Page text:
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Top Dutch orchestra is decimated by city cuts

The Residentie Orkest in the Dutch capital, The Hague, had its city grant slashed today from 5.1 million Euros to 3.5m.

We hear that one-third of the musicians will lose their jobs and performances of Bruckner and Mahler will be written off the menu.

The Hague has applied to become Europe’s Capital of Culture in 2018. The bid deserves now to be shunned.

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Comments

  1. Norman, I know that no-one loves a pedant, but to say the orchestra’s been decimated (cut by a tenth) underplays the seriousness of the funding cuts – it’s more like a third.

  2. Actually, that’s correct – I was also incorrect – decimate means to cut TO a tenth, not by a tenth!

    Common useage it has come to mean “devastate” ; apparently the correct term for the above would be tertiated if it is indeed a third that the budget’s been cut by!

  3. PS. I’m not proposing you use ‘tertiate’!

  4. It must be a very quiet day in the London Mozart Players office… ;-)

    Seriously though, this is sad news indeed. The Residentie Orkest is a fine band and doesn’t deserve this kind of treatment. Is there a petition online that supporters can sign?

    • It’s OK. The LMP’s diary is full, funding is massive, and they are thriving. Just like all the UK chamber orchestras.

  5. Even more bitter if you know that the city council decided at the same time to invest 181 million € in a so-called “cultuurpaleis” which should become the future home of, among others, the decimated Residentieorkest.

  6. I think even orchestra managers are allowed to stop for lunch and catch up on industry news over a sarnie, aren’t they, Peter?

  7. Tim Dowling says:

    Dear Norman,

    I am a proud member of this orchestra. We fight on!

  8. Steve de Mena says:

    Can’t they do some fundraising (corporate sponsorships, etc) to try and make up some of the gap?

  9. For the record: this orchestra has “struggled” to survive these past decades on 85% govt. subsidies for its operating costs. It’s not unusual for there to be less than 200 people in the audience due to poor programming choices (due to the fact that there’s no motive to actually attract a paying audience).

    This correction is long overdue.

  10. “The Residentie Orkest in the Dutch capital, The Hague…”

    The Dutch capital?

  11. Michael Hurshell says:

    Triste, triste. “Cultural Capitol” indeed! Weimar (cultural capitol in 1999) has a population of 65 thousand. Orchestra: 95 members. Perhaps the folks in Holland should reconsider how appropriate it is to cut an orchestra like the Residentie (92 players), which performs in a city of over half a million, down to Stadttheater size at a time when its culture is supposed to be a entral factor of its character. Shame, shame! (And bad enough that there is no opera company in town, either… “cultural capitol” WHY?)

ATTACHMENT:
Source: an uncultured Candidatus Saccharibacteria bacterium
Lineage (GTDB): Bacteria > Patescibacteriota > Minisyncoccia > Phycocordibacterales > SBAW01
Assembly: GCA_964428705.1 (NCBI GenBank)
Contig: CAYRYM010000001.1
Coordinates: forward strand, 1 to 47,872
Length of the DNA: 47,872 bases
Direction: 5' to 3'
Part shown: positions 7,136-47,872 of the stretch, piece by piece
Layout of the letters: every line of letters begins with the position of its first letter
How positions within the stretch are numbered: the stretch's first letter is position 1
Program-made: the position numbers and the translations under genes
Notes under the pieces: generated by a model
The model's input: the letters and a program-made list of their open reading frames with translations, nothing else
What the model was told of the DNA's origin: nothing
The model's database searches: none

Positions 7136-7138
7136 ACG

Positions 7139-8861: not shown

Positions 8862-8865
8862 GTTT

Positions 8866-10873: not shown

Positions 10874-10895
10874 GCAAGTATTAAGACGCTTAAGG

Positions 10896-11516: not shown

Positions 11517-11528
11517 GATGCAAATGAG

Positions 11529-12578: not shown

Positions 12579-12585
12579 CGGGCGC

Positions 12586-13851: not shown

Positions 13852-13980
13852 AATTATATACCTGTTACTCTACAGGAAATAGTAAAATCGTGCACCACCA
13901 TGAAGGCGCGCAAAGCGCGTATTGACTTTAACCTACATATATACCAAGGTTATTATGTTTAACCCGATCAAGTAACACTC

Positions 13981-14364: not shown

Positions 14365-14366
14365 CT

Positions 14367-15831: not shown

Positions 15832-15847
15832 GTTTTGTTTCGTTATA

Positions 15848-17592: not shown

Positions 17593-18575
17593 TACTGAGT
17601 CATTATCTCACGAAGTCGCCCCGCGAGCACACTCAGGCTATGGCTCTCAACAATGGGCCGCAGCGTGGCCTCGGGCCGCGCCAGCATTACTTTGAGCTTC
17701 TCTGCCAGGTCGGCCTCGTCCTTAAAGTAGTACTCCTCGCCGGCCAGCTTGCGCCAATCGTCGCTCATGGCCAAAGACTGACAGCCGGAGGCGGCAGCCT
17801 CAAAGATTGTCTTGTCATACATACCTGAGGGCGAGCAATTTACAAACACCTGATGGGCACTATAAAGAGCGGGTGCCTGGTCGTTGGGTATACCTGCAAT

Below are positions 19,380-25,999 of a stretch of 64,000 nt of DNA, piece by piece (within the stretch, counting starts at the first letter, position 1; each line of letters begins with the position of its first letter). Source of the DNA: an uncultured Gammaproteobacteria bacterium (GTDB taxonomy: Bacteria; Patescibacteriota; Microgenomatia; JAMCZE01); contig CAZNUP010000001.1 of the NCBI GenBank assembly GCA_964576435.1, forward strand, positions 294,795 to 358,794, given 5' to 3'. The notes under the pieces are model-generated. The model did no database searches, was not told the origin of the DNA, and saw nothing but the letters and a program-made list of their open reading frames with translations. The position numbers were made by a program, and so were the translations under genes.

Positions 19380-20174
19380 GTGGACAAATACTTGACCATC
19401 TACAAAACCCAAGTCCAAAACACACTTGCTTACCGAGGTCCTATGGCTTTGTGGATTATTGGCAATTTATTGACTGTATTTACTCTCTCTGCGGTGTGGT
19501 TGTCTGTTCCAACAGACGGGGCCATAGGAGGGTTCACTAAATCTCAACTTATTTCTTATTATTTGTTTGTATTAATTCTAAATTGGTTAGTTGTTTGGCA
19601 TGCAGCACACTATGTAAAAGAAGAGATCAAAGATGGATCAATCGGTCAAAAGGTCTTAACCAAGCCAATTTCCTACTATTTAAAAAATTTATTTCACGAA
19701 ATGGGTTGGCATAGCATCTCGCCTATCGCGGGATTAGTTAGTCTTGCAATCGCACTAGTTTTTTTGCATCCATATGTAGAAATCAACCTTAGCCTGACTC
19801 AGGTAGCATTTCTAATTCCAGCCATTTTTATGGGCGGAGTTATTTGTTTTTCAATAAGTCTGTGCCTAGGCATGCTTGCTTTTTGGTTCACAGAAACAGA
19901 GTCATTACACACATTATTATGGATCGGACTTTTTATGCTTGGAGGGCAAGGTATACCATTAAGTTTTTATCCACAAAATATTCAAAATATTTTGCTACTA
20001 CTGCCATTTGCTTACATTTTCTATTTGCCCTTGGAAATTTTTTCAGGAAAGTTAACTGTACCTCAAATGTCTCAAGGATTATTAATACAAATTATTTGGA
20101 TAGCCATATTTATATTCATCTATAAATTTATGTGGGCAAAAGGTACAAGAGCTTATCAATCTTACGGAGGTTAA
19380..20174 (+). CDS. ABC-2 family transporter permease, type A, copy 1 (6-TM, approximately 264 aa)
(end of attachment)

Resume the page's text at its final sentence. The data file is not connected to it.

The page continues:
• I hope more Europeans will make such salient criticisms of Holland’s cultural poltics. The voices of Holland’s neighbors will carry the most weight. The Dutch aren’t maintaining the continent’s standards and should indeed feel shame.

  12. We see the outcomes of cultural relativism in our liberal societies. Today politicians on all levels are the first time from a generation, that grew up without being educated at least to a basic degree in the superior universality of the classical arts. It is no longer important to them and doesn’t concern their status and image considerations, if they socialize with their likes at a Rolling Stones concert or a classical concert.
    There is not enough respect and understanding for the arts. It is merely reduced to a political tool, it’s importance for society measured by how many people/voters can be pleased with it.

    • In reality, studies in cultural relativism show us why classical music’s unique traditions should be maintained — and without specious claims of being superior or universal.

      • I guess we have a misunderstanding about the semantics of the word “superior”. It is IMO intellectually dishonest, to on the one hand criticize the devastating effect of cultural relativism, but then stop short in the tracks by being afraid to define more absolute values to cultural achievements.
        Yes, the achievements of classical music, both in composition and performance, are superior in terms of intellectual skill, creativity, requirements on human education, level of civilized social interaction etc. to much of what we have today that is called “music”. Why dance around this issue? Because it is un-”pop”-ular?
        Because education doesn’t sound like “fun”?

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